KEVIN McKenna features the risks, provisos and contraindications to the provision of the legal right to assisted dying ("Davidson’s push for assisted dying opens a Pandora’s box", The Herald, December 11). However, the core of the issue is the choice and volition of the individual as regards their own end of life. The other issues have relevant peripheral validity, but should not override provision of that core factor and choice.

Many die in, or after, prolonged acute pain and suffering, and that can be mental and psychological torture where they are largely dependent on others and are too restricted in freedom to participate in the interests and activities which give meaning to their lives. And extreme physical pain and suffering are frequently "relieved" by powerful drugs which leave little cognitive or physical capacity to give any life-quality or meaningful functioning.

We do have a modern health service which will process you through protocols and procedures in a clinical environment, and similarly relieve the extreme pain and suffering of what is, for the patient, a functionally meaningless existence with no prospect of relief. Many would prefer a more personal and compassionate environment and circumstances, and, primarily, the element of personal choice. Their individual choice should indeed not otherwise undermine the right to life of others who are elderly, frail or disabled.

The intention is to provide individuals with the comfort and dignity of action to be exercised at their discretion and at a time of their choosing. That frequently makes their remaining time more bearable and prolonged, knowing that the comfort of action, and its timing, are available when they need it. Suffering and illness are indeed part of life. The issue arises when this reaches the stage that it is all that comprises life, with no prospect of release or of an existence valued by the individual.

The factors which need recognition and consideration are the rights and choice of the individual, understanding of the human condition, the existence of alternative and valid viewpoints, and humanity, mercy and compassion: the very factors of being human which raise the issue in the first place, and can provide the solutions.

Norman Dryden, Edinburgh.

* KEVIN McKenna's argument, as with all opposed to the principle of assisted dying, is based on “what if” and “perhaps”.

In the enlightened countries and states which have enshrined this most fundamental and final human right in law, I see no inclination to repeal the legislation.

John NE Rankin, Bridge of Allan.


SURELY Stuart Waiton's article ("Parents must be heard on sex education in schools", The Herald, December 15) must evoke a reaction from parents everywhere in Scotland. To outsource much of family learning to schools and financial responsibility to government is, at best, highly questionable but if sex education is to be left to schools and the present survey is an example of values, then I suggest that we might as well abandon all hope of raising a generation whose lifestyle has its foundations and ethic within the family and simply depend on some state breeding programme being introduced to safeguard a future workforce for society.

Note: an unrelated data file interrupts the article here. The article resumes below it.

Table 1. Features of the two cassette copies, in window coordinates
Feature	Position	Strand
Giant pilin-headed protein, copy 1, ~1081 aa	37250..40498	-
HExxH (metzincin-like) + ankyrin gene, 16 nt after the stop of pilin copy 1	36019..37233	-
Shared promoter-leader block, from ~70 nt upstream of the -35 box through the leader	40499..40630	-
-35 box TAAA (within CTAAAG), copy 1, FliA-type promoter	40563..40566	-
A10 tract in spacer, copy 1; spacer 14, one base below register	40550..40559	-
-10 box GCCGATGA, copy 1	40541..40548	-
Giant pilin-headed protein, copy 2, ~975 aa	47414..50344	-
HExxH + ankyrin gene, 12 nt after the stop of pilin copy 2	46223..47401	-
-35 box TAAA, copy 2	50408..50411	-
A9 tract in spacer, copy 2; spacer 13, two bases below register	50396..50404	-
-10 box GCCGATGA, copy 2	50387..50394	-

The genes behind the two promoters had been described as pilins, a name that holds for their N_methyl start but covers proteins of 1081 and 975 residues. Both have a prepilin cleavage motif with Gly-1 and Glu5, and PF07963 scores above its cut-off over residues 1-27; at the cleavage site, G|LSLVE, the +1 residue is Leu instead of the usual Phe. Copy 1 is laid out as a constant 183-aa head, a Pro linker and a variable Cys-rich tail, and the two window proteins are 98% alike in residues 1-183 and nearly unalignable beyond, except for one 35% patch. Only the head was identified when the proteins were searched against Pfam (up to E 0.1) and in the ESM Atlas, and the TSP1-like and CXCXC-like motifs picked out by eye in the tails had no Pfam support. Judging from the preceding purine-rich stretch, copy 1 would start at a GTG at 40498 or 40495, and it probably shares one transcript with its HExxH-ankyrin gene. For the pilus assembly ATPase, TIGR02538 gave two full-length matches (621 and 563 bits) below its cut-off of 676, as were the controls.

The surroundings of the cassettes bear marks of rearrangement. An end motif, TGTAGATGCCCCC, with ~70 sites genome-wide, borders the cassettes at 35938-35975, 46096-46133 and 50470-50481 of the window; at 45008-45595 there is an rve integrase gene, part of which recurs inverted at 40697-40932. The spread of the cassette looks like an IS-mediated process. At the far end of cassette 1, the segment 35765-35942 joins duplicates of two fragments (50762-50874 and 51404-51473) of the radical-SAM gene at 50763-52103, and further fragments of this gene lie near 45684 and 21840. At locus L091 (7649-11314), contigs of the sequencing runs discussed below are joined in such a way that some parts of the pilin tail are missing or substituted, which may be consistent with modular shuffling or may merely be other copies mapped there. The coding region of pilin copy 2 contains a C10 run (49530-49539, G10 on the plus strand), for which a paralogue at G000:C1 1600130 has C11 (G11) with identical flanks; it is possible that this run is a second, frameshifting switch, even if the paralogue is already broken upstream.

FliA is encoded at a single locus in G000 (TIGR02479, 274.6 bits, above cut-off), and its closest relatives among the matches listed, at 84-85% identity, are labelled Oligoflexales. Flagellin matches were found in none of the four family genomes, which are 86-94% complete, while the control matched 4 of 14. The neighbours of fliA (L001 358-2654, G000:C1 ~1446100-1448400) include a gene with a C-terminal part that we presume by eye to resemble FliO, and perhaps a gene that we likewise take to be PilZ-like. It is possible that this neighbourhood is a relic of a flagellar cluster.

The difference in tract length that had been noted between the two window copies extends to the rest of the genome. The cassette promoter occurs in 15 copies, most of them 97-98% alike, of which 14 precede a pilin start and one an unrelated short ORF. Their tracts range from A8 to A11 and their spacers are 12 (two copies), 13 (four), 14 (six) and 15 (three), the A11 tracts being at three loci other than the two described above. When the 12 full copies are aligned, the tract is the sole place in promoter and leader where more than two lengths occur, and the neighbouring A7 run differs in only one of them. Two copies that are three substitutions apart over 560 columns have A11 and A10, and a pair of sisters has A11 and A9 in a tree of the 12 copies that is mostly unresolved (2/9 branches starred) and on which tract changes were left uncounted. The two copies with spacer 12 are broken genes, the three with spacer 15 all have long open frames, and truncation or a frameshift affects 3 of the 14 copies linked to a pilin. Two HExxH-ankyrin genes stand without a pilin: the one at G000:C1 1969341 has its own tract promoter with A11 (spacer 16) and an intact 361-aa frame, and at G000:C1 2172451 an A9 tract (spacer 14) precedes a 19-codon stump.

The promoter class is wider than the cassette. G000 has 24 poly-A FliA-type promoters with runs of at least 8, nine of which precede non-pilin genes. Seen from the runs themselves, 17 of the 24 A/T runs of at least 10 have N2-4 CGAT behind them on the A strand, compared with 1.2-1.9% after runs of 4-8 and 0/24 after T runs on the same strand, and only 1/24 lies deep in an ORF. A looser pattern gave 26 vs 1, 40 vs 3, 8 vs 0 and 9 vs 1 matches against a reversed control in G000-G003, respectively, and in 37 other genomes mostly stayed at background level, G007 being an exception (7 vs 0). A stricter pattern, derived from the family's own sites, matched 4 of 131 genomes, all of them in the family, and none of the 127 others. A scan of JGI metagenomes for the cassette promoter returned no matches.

Is this the price that has to be paid for our "new" (since the 1970s) secular society which has increasingly abandoned the religious moral code in favour of minority rights and preferences? It is time for the silent majority to wake up and speak out.

James Watson, Dunbar.


ANYONE who had any doubt that Police Scotland had become overly political need only read of recent decisions about the recording of rapes and the comments of senior officers to justify this course of action.

Police Scotland has apparently decided that, in future, it will record rapes by offenders with male genitalia as being committed by a woman if the attacker "born male obtains a full gender recognition certificate" or "identifies as a female". I would suggest that the first depends on when the attacker obtains the GRC vis a vis the crime and the second is ridiculous but it does comply with the SNP Government's delayed reforms of the Gender Recognition Act.

Such a woke decision makes an absolute nonsense of the Sexual Offences Act, which defines rape as "non-consensual penetration with a penis".

The police have, in the past, have been criticised for massaging crime statistics, often to make their performance look better, but this latest road they are going down is confusing, bewildering and could dangerously skew crime statistics.

It is difficult not to conclude that they are bending to the will of their political masters.

W MacIntyre, East Kilbride.


AS Storm Arwen swept across the nation the wind industry was paid almost £5 million to switch off its turbines. Since 2010 the turbine owners have pocketed more than £1 billion of these "constraint payments", a major cause of escalating electricity bills. Paid to produce electricity, paid to not produce electricity. A nice little earner, as Del Boy would say.

Clark Cross, Linlithgow.


IT’S sad to see man’s best friend demoted to the environmental doghouse over its supposed carbon pawprint (Letters, December 14), and I welcome the wise appreciation of Grant Aitchison for Rover, Ben, little Fido et al (Letters, December 15 ).

For 14 good years Murphy our retriever was No 2 son, happy, eager to please, and best pal to all.

The plaque on the bedroom wall, “My goal in life is to be the kind of person my dog thinks I am", says it all.

R Russell Smith, Largs.